The four clear categories of waters that are federally regulated are:
The territorial seas and traditional navigable waters, (like the Columbia and Mississippi Rivers)
Perennial and intermittent tributaries to those waters,
Certain lakes, ponds, and impoundments, and
Wetlands adjacent to jurisdictional waters.
The final rule also details 12 categories of exclusions, features that are not “waters of the United States,” such as features that only contain water in direct response to rainfall (e.g., ephemeral features); groundwater; many ditches; prior converted cropland; and waste treatment systems.
The final rule clarifies key elements related to the scope of federal Clean Water Act jurisdiction, including:
Providing clarity and consistency by removing the proposed separate categories for jurisdictional ditches and impoundments.
Refining the proposed definition of “typical year,” which provides important regional and temporal flexibility and ensures jurisdiction is being accurately determined in times that are not too wet and not too dry.
Defining “adjacent wetlands” as wetlands that are meaningfully connected to other jurisdictional waters, for example, by directly abutting or having regular surface water communication with jurisdictional waters.
Neither ditches nor other drainage areas are included in the new rules, which makes a lot of sense. They do not affect the environment negatively when built according to regulations.
The 2015 ruling would have placed almost all navigable waters under federal control, even those on private property, thus giving the federal government control over considerable land as well.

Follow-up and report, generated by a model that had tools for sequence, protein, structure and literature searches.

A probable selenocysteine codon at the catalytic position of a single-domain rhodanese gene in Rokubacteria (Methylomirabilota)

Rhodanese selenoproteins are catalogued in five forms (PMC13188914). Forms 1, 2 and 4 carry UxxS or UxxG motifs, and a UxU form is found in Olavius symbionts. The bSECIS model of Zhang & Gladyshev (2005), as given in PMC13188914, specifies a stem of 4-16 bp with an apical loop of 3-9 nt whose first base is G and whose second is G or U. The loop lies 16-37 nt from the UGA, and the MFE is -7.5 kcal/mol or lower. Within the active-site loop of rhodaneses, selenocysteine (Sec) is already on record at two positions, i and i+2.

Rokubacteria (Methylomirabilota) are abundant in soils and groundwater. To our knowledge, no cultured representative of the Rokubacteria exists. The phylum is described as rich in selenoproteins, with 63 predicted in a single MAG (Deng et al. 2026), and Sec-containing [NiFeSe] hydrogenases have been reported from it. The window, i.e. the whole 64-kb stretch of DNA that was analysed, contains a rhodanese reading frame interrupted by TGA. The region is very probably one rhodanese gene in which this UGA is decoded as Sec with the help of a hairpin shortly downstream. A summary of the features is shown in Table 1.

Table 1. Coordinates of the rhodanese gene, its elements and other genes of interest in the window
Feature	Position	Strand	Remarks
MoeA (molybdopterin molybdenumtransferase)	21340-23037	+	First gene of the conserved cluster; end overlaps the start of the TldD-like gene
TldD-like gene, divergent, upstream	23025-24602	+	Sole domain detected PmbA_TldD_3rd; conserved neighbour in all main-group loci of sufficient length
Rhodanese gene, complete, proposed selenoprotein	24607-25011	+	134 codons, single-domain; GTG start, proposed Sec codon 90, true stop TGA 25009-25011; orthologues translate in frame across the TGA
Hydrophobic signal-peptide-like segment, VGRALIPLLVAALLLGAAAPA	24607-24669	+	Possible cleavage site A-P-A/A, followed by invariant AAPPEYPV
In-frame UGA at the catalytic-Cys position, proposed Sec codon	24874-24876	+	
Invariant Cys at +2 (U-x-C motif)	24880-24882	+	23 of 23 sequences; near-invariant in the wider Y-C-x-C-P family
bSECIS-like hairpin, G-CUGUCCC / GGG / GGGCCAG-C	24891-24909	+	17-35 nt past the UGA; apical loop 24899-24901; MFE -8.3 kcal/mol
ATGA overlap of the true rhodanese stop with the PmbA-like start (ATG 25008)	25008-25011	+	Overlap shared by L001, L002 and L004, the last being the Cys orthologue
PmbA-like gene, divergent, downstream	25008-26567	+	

Dr.Bonner Cohen of CFACT, has pointed out, “Delivering on candidate Trump’s 2016 campaign promise, the administration has brought clarity to the statute and relief to landowners. In Step One, announced in September, the White House repealed the Obama WOTUS rule in total. Federal courts had already struck down large sections of the rule, and now the whole monstrosity has been scrapped. Now, in Step Two, the administration is actually defining key waters-related terms of the law whose lack of definition have bedeviled farmers, ranchers, and others rural landowners for decades.”
Cohen added, “What have been changed/removed were the overreaching rules and regulations that the federal government has had over bodies of water from mud puddles to ponds to oceans.”
In a news-release by both the EPA and the US Army, R.D. James, Assistant Secretary of the Army for Civil Works stated: “Having farmed American land myself for decades, I have personally experienced the confusion regarding implementation of the scope of the Clean Water Act. Our rule takes a common-sense approach to implementation to eliminate that confusion. This rule also eliminates federal overreach and strikes the proper balance between federal protection of our Nation’s waters and state autonomy over their aquatic resources. This will ensure that land use decisions are not improperly constrained, which will enable our farmers to continue feeding our Nation and the world, and our businesses to continue thriving.”
This Ruling is not, as some say, the destruction of the Clean Water Act. Federal jurisdiction over navigable waters of the United States is just as it was written in the 1973 Clean Water Act. It was the 2015 determination to broaden the federal jurisdiction to bodies of water not specified in the Clean Water Act in an attempt to extend that jurisdiction to other bodies of water not specifically identified in the 1973 Clean Water Act that has been blocked. This extended jurisdiction to other bodies of water not specifically identified in the 1973 Clean Water Act. And, as many Senators noted in a US News and World Report, “Washington bureaucrats have gone beyond their authority and have no business regulating irrigation ditches, isolated bonds and other ‘non-navigable’ waters as waters of the United States.”
The 2015 rule would have forced landowners to seek permits from the Environmental Protection Agency (EPA) and/or the U.S. Army Corps of Engineers to undertake any activity on their property that might affect a nearby body of water, be it a drainage ditch, stock pond, or puddle.
Obviously, this won’t be the end of the discussion. There will be lawsuits to up-end this ruling and to reinstate the 2015 ruling. But for now, at least on the issues of clean waters and who owns or controls them, we have reasonable regulations on the books.